Intel gets praise here, as it is deserved. The lowered 10C price makes that performance all the more reasonable for streamers working with a single box. If that frametime consistency isn't a concern, or if working with lower framerate games than what we've tested so far (again: DOTA, CSGO), then Intel has managed to build and price a CPU that would allow a cheaper streaming+gaming build than two individual machines. There's just still a reason for a capture machine, depending.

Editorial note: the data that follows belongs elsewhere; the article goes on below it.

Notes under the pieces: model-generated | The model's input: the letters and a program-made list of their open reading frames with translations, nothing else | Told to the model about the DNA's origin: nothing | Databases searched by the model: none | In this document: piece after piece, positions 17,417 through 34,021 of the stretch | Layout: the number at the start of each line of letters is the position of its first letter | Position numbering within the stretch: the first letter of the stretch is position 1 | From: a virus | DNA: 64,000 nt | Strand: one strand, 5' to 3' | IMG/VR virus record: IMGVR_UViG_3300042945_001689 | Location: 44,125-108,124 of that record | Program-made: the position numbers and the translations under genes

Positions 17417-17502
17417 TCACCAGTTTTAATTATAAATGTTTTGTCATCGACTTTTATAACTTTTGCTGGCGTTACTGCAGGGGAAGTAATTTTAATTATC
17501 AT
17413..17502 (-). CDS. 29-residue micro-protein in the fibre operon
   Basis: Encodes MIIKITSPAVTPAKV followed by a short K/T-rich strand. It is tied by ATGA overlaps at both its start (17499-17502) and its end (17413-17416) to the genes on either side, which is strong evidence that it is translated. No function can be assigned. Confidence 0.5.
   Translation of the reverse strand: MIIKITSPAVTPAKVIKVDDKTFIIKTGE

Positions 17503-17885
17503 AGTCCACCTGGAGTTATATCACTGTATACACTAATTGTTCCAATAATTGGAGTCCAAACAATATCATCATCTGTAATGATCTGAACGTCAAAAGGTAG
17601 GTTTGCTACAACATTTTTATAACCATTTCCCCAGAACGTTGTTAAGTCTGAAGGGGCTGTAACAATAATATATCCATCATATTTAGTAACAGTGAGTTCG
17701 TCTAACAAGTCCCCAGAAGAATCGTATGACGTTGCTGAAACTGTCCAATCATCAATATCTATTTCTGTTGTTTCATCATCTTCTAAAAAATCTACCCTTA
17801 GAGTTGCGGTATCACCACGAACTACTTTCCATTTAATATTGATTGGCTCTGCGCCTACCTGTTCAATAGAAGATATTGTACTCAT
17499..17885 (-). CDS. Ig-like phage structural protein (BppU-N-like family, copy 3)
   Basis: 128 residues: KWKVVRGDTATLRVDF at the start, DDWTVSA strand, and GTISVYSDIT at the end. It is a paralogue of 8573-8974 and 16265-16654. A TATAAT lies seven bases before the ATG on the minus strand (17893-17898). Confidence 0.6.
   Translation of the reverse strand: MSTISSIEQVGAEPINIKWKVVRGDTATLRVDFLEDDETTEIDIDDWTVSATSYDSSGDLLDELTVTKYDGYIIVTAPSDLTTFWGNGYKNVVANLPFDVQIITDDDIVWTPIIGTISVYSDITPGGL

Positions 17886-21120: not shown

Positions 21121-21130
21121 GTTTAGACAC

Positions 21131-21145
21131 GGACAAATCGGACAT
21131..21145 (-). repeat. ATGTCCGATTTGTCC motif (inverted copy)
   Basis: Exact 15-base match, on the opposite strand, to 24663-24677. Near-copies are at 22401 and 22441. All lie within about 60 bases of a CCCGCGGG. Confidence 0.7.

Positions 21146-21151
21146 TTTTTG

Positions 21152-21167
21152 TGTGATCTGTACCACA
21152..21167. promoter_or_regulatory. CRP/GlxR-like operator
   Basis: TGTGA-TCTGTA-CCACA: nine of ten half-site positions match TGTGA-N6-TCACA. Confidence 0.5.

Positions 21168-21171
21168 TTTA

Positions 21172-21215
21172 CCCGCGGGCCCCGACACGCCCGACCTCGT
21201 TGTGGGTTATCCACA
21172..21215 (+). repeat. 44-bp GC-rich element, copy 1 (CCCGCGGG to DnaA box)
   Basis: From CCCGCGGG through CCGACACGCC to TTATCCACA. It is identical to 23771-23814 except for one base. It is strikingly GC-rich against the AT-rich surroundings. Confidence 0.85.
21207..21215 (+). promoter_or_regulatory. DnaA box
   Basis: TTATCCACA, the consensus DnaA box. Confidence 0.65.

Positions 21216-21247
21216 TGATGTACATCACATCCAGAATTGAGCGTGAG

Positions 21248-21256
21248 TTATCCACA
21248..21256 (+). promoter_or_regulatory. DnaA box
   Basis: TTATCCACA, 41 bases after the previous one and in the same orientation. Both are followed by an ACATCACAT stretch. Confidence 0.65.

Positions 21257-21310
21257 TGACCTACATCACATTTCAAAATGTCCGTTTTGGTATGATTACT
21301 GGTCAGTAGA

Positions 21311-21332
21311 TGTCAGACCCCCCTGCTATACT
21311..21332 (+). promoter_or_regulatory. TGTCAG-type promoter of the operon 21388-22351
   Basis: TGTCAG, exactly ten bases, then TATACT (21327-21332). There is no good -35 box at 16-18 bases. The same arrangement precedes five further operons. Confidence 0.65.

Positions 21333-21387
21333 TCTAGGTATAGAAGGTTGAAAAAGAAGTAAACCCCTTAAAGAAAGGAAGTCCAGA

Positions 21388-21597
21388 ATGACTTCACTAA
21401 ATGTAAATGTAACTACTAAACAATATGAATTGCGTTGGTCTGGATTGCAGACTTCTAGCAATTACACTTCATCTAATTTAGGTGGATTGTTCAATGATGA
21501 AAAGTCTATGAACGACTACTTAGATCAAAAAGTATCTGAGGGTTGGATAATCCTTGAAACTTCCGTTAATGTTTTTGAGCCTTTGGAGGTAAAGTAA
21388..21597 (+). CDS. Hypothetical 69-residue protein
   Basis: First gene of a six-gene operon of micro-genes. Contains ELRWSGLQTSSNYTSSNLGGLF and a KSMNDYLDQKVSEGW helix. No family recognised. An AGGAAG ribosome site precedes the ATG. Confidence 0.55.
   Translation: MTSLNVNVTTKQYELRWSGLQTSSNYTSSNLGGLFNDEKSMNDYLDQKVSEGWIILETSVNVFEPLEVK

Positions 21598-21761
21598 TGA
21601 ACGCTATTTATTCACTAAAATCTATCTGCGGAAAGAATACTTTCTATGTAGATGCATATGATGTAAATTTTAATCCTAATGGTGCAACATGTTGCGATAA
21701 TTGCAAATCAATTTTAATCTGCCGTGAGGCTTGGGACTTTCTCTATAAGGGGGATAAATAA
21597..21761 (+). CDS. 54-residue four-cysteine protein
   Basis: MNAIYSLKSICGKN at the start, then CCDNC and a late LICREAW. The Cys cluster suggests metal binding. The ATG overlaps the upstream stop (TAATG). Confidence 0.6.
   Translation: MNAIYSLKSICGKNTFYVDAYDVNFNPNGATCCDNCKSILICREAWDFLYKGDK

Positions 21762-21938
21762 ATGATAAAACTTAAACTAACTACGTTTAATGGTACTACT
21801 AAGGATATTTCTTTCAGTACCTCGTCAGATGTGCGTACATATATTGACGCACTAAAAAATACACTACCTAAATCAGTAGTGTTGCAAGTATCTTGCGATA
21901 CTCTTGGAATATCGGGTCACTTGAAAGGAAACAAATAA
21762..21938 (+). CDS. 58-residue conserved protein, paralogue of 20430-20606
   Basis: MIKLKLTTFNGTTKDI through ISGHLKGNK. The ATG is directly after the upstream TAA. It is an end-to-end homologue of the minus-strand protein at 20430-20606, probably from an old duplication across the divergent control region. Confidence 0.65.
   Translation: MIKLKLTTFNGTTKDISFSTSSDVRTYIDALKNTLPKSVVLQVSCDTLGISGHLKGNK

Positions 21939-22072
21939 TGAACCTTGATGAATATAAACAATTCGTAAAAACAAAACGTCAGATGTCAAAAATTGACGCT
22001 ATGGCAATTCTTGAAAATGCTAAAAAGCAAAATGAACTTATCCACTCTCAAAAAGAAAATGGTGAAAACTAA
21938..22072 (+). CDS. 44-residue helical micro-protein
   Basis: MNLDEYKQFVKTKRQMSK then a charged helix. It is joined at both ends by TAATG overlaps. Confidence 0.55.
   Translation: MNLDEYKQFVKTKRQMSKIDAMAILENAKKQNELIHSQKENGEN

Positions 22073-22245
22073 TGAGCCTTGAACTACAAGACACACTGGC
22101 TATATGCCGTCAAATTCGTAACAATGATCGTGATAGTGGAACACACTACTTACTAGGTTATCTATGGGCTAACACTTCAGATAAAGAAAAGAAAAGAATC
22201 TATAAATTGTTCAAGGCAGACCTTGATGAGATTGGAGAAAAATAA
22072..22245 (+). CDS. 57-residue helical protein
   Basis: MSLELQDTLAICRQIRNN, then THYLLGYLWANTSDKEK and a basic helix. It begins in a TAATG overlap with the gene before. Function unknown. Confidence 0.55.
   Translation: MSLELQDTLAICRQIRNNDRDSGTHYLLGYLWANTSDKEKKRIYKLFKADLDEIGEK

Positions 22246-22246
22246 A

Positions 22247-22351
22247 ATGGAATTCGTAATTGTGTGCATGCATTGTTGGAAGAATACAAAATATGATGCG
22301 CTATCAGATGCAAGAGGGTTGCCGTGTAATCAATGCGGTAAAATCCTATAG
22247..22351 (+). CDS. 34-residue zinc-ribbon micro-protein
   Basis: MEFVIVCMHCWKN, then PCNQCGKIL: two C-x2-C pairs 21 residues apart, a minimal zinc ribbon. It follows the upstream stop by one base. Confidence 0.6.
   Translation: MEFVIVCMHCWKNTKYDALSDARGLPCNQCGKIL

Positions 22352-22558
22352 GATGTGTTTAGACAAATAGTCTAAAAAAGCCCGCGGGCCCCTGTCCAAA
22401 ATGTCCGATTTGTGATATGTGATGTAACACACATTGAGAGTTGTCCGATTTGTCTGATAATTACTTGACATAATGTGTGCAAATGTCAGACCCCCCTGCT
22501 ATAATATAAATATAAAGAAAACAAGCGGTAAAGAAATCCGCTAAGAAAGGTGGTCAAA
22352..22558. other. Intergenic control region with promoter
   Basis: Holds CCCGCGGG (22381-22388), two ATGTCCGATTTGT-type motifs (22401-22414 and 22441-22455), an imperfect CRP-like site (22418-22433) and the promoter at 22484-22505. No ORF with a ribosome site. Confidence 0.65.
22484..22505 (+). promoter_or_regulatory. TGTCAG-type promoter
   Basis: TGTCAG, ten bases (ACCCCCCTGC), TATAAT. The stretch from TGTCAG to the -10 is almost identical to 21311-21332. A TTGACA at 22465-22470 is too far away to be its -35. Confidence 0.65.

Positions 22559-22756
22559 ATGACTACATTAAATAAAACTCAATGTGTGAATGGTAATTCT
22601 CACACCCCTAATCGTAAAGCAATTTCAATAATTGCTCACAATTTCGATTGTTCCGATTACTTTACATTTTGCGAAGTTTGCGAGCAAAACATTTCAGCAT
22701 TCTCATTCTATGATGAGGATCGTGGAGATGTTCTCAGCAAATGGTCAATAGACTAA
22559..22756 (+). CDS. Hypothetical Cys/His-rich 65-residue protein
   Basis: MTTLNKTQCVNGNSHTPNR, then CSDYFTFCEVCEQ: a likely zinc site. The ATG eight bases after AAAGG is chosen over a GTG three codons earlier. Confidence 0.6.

But there are plenty of use cases where the 7900X makes no sense. VR gaming is one of those, despite Intel’s marketing. The i9-7900X is a monumental waste of money for VR gaming, given its performance is not only imperceptibly different from both the i7-7700K ($330) and R7 1700, but also technically worse than the $330 7700K. “Technically,” of course, because that objective lead by the 7700K isn’t really relevant -- no user will ever see or experience that difference, as all three CPUs output 90Hz to the HMD and do so within runtime limitations. That said, there’s no reason to buy a worse product for more money. We made that exact point with the 1800X review, and we’re making that point again now. The i9-7900X has no place in a machine built only for VR gaming. Buy any $300 CPU instead. Maybe there’s something to be said for “VR content creation,” but then you’re really entering into the realm of a productivity/office machine – there are other benefits to that, like reduced encode/rendering times, that are proven to be beneficial.